Kershaw, who exited Friday’s night’s game in the second inning with left forearm discomfort, was officially placed on the 10-day injured list on Saturday, with right-hander Mitch White recalled in a corresponding move. Dodgers manager Dave Roberts said Kershaw will undergo further testing on Monday, but the team is operating as if Kershaw is out for the rest of 2021.
“I think right now where we’re at, we’re going to proceed with that mindset,” Roberts said. “I’m certainly saddened, hoping we never had to get to this point. You know, you want to be certainly very thoughtful and sensitive to Clayton, but in the same breath, still kind of making sure we stay focused on moving forward. That’s kind of where we’re all at.”
The injury to Kershaw occurred after he allowed an RBI double to Kolten Wong in the second inning. Roberts and a trainer immediately came out to check on him. Following a lengthy conversation on the mound, Kershaw was removed from the game after throwing just 42 pitches.
Kershaw, who was making his fourth start back after missing nearly three months with a left forearm injury, didn’t look sharp prior to his exit. The Brewers had jumped out to a 3-1 lead and five of the 10 batters Kershaw faced had a batted ball with an exit velocity of 95 mph or higher. Roberts said he saw Kershaw grimacing a few pitches before he ultimately decided to come out of the dugout.
The left-hander’s pitch prior to the injury was a 89.1 mph four-seam fastball, lower than his average. It’s unknown if there was any correlation between Kershaw’s injury and the struggles he was going through on the mound Friday.
But Kershaw said that once he threw the last slider to Wong in the second inning, he knew that he had thrown his last pitch of the night. The veteran, who underwent testing on Saturday, also made it sound like his season will be over.
“It’s a tough blow, obviously,” Kershaw said. “Kinda the same thing I’ve been dealing with and [it] just got bad enough to where I couldn’t keep going tonight. Haven’t quite wrapped my head around that yet. The biggest thing was I just wanted to be a part of this team through October. That’s the hardest part for me right now, just knowing that chances are that it’s not looking good for October right now. … I’m excited for these guys to do what they’re gonna do in October.”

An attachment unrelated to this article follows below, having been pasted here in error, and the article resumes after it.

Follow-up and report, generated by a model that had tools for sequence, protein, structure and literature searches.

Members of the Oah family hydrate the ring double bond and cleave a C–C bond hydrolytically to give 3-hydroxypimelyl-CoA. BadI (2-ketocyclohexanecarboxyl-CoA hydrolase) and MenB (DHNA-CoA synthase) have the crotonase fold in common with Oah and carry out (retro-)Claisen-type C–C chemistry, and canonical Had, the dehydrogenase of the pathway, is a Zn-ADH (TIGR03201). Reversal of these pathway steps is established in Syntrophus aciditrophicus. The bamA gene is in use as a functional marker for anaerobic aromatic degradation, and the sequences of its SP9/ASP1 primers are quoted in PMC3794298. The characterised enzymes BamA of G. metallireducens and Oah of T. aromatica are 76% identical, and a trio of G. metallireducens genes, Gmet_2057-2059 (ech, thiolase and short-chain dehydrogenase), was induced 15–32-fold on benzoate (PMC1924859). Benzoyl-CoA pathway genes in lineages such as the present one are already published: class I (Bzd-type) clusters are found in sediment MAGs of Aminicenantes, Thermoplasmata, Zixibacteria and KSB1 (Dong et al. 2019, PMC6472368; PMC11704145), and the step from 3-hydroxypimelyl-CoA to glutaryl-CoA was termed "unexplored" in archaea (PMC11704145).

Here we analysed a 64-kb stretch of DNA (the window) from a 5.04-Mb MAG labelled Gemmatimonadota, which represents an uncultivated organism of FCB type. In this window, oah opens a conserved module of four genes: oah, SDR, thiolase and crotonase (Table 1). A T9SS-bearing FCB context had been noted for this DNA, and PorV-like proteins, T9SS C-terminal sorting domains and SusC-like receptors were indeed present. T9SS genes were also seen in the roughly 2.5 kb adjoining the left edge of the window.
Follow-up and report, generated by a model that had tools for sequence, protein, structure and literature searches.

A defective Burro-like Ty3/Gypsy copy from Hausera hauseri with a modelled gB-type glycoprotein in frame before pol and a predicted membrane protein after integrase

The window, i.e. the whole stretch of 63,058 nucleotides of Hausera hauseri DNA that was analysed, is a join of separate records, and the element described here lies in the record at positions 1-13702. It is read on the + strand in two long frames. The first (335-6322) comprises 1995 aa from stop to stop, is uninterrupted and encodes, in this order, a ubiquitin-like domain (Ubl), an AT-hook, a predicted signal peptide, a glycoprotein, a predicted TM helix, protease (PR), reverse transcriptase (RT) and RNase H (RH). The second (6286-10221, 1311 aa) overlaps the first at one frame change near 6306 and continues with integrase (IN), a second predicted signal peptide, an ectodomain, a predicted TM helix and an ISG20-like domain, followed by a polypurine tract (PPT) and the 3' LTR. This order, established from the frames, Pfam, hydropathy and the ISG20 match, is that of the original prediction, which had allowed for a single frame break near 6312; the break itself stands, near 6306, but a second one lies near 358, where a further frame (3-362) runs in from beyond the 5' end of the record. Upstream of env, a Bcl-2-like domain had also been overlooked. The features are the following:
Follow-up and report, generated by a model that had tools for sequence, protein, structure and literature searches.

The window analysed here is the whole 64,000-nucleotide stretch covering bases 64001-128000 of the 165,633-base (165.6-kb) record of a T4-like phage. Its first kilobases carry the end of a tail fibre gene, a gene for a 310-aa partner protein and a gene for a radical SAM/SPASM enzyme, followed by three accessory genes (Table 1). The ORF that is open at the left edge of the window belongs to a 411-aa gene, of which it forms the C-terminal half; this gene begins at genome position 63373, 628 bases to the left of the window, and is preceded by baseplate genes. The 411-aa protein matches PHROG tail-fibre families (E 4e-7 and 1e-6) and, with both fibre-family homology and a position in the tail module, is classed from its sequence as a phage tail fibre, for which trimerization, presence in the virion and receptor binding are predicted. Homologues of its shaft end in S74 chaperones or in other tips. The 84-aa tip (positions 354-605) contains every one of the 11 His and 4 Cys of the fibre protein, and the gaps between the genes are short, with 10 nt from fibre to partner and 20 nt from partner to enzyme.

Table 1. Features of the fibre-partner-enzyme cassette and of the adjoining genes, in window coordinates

Seeing Kershaw walk off the mound with the injury was a huge gut punch to the Dodger Stadium crowd, which responded by giving him a standing ovation. During the pitching change, Dodgers players gathered on the field clearly in shock.
“That was definitely a tough one,” said second baseman Trea Turner. “You never want to see one of your guys do down, especially an unbelievable teammate like him. I haven’t known him for a long, long time, but I can already see why he’s a leader in this clubhouse and why he’s had a great career and why he’s going to continue to be a big part of our team, whether he’s on the field or in the dugout. He’s special.”
Kershaw, who is a free agent at the end of the season, took the mound on Friday for his last start of the regular season. Given that Kershaw wouldn’t be slated to pitch if the Dodgers are in the National League Wild Card Game next Wednesday against the Cardinals, there’s the possibility that Kershaw made his final regular-season start at Dodger Stadium as a member of the Dodgers. While it served as a symbolic moment that represented the toughness he’s shown over the years, Kershaw said that he didn’t purposely hold onto the ball as he exited the game, instead saying it was “probably shock” during the moment.
After the game, Kershaw was asked about his future.
“My future is going to take care of itself,” Kershaw responded. “I’m not really worried about that right now. I really wanted to be a part of the moment right now and I wanted to be with this group through October. That was my only focus this whole year once I got hurt, it was to come back and make it up for this month. As far as anything else goes, I haven’t wrapped my head around it and I don’t plan to anytime soon.”
While Kershaw’s future will be something the Dodgers have to figure out in the offseason, the reality is that L.A. will immediately shift its focus into piecing how they’ll replace the likely future Hall of Famer in the starting rotation during the postseason.
The Dodgers were initially thinking of deploying Julio Urías in the same role as last year’s World Series run. Urías would start some games, but he would’ve also been used as a multi-inning reliever. With Kershaw out, the Dodgers will now have to shift and ask Urías to be a full-time starter, along with Walker Buehler and Max Scherzer.
“I think now, clearly, it puts him starting a playoff game,” Roberts said.
Tony Gonsolin could also be an option for the Dodgers, but the right-hander hasn’t been as sharp this season and could be better used as a multi-inning reliever. There’s also the possibility that Gonsolin serves as the bulk guy in a bullpen game.
Those are some of the questions the Dodgers will have to decide once they know their path in the playoffs. But one thing is clear: They’ll enter the postseason without Kershaw on the active roster for the first time since the 2006 NL Division Series against the Mets.